I offer no advice on whether to try for a traditional publishing career or to go indie. Everyone is different, and all of you will have to consider your own circumstances and ambitions, and decide for yourselves. What I do advise is to strive to sell in the short fiction markets to establish yourself, and to read, read, read — know your genre, and know what you like and why. What is it that sets the work of your favorite authors apart from all the others? Understand that, and translate the lessons into your own work.

As for getting super rich? Well, there is always the lottery. 😉

Read Shaun’s post in full here.

Awards & Self-published Books

Thursday, December 26th, 2013

Shaun Duke — who was kind enough to do a podcast interview with me last spring for his website — recently wrote an essay — “Self-Published Books vs. Literary Awards: A Logistical Problem?” It was a post that I found … troubling.

The main point of the essay is that there are so many books being published, both traditionally and independently, that logistics do not allow all books to be considered for literary awards, and that the simplest way to narrow the field and make the administration of an award more feasible is to limit that award to traditionally published books. My experience is with science fiction and fantasy, and in our field awards tend not to have this limitation. I would very much like to keep it that way.

I understand both the urge and the need of an awards committee to limit the number of qualified books and qualified authors. Every annual award presumably faces this challenge every year, because just the number of traditionally published books alone is staggering, and there will always be far more possible contenders for any award than there is time to consider them all.

The awards that might have the possibility of getting closest to the ideal of universal consideration may be the publically-voted awards like the storySouth Million Writers Award for short stories or the Locus Awards — but it’s not as if those who participate in the voting have read all the books. That will never happen with any award. The likely result is that awards like these probably have a very long-tail effect, in which many books and stories get only one vote, while a few, by better known authors, do far better.

The way I see it, there are two main purposes to a literary award: (1) to bring attention to specific books and authors, and by so doing (2) to shape the genre. Whether (1) & (2) come to pass or not, neither purpose is harmed or diminished by consideration of a self-published work.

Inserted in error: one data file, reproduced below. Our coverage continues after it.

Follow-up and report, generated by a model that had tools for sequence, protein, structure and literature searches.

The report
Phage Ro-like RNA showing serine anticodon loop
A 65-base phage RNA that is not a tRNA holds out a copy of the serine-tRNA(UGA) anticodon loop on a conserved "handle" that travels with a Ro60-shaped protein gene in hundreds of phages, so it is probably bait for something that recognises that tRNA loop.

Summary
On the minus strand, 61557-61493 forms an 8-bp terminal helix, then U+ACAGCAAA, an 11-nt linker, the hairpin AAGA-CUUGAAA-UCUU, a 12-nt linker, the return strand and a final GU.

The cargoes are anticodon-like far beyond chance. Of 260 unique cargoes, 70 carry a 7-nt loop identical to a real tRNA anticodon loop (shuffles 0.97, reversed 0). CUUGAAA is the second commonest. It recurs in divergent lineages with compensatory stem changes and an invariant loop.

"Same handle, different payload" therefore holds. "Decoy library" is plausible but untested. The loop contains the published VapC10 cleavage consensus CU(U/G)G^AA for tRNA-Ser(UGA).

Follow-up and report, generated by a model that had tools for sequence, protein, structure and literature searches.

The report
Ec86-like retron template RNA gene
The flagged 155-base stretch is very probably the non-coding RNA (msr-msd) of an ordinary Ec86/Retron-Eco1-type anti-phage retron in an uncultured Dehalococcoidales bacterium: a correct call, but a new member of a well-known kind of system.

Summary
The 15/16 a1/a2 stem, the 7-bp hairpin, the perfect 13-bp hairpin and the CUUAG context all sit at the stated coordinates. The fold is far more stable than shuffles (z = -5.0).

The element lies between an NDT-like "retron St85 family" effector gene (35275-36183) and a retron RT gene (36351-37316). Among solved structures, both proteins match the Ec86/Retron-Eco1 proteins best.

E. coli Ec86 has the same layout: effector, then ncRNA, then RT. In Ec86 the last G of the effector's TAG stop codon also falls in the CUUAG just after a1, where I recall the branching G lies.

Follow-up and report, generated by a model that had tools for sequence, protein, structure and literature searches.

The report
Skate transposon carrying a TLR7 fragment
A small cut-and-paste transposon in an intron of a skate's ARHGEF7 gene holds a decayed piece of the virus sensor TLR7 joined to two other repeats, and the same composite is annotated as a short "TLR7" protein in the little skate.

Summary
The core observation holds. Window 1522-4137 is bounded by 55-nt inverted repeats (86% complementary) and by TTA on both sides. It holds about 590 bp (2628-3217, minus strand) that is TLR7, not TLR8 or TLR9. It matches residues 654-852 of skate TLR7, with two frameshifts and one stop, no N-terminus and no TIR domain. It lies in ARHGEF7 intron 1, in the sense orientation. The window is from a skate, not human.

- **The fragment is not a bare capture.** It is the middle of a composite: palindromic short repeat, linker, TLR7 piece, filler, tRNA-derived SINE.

Shaun asks: “why would SPed authors want to win these awards anyway?” That’s an easy one to answer: for the publicity and for the credibility. Every writer – traditional or not – is desperate to be better known, to sell just a few more copies. Some awards are great for this purpose; others, I’m sure, don’t make much difference to the bottom line, but can still be a moral victory. As for credibility, Shaun notes that “There’s crap in traditional publishing, too, but my experience has always been that it’s much easier to find good things in traditional publishing, whereas the inverse is still true in the self-publishing world.” This is still a common assumption, so credibility is extremely important for a writer who chooses to publish her own work.

I’m an author of six traditionally published science fiction novels, but with my last three novels I’ve turned to self-publishing, not because I think my new work is inferior, but because the business model makes more sense to me, and having more control over the production of my work makes me vastly happier. I am not now and have never been a well-known writer, so winning another award would definitely be a boost to my career. But if the open nature of the awards in our field change so that only books that come up through “the system” can be considered — that would consign me and former midlist writers like me to an outsider status because we’ve decided to do things a bit differently. Then, the only way to be taken seriously as a writer within the genre would be to return to traditional publishing, giving up creative control, and in many cases, making less money.

All that said, the problem Shaun noted still exists: too many books are published to consider all of them for awards. But it’s always been that way. Only select books are ever truly considered for most awards, and especially for juried awards. How are those selections made? Traditional publishers might pick what they consider their best two or three books. Other books might get positive word-of-mouth or recommendations from respected authors, or they might earn a spot because the author has a reputation as a novelist or short story writer. This is the old way of doing things, and while it isn’t entirely fair either, it at least avoids arbitrarily disqualifying books simply because of the way they came into print.

Highly Distractible

Thursday, November 7th, 2013

Today is my birthday. I’m fifty-three years old. I’m sure that sounds ancient if you’re in your twenties or thirties, and terrifying if you’re in your forties, but honestly, it’s not bad. My advice to anyone of any age is to get in shape and stay in shape. The journey’s a lot more pleasant when you take care of yourself. Go check out this book: Younger Next Year by Chris Crowley and Henry S. Lodge, M.D. Very inspirational.

So what did I get for my birthday? An `ōhi`a tree, because we’re weird like that. 🙂

This is a tree native to Hawaii and very common in the mountains where native forest lingers. The new tree has yellow flowers. It will complement our much older `ōhi`a tree, shown below, which has vermilion flowers:


After I took the photo above, I noticed an odd green color right in the center. This required investigation, so I took another photo with increased telephoto:


Yes, just as suspected, a Jackson chameleon photobombed my `ōhi`a pic!

Here’s a closer shot, taken from underneath the tree:


I’m happy to report that the mature tree was absolutely buzzing with honeybees. We still have a healthy bee population in this neighborhood.

But — as this little photo-excursion demonstrates — I am easily distracted from the real business. I need to finish both an essay and a novel — so back to work!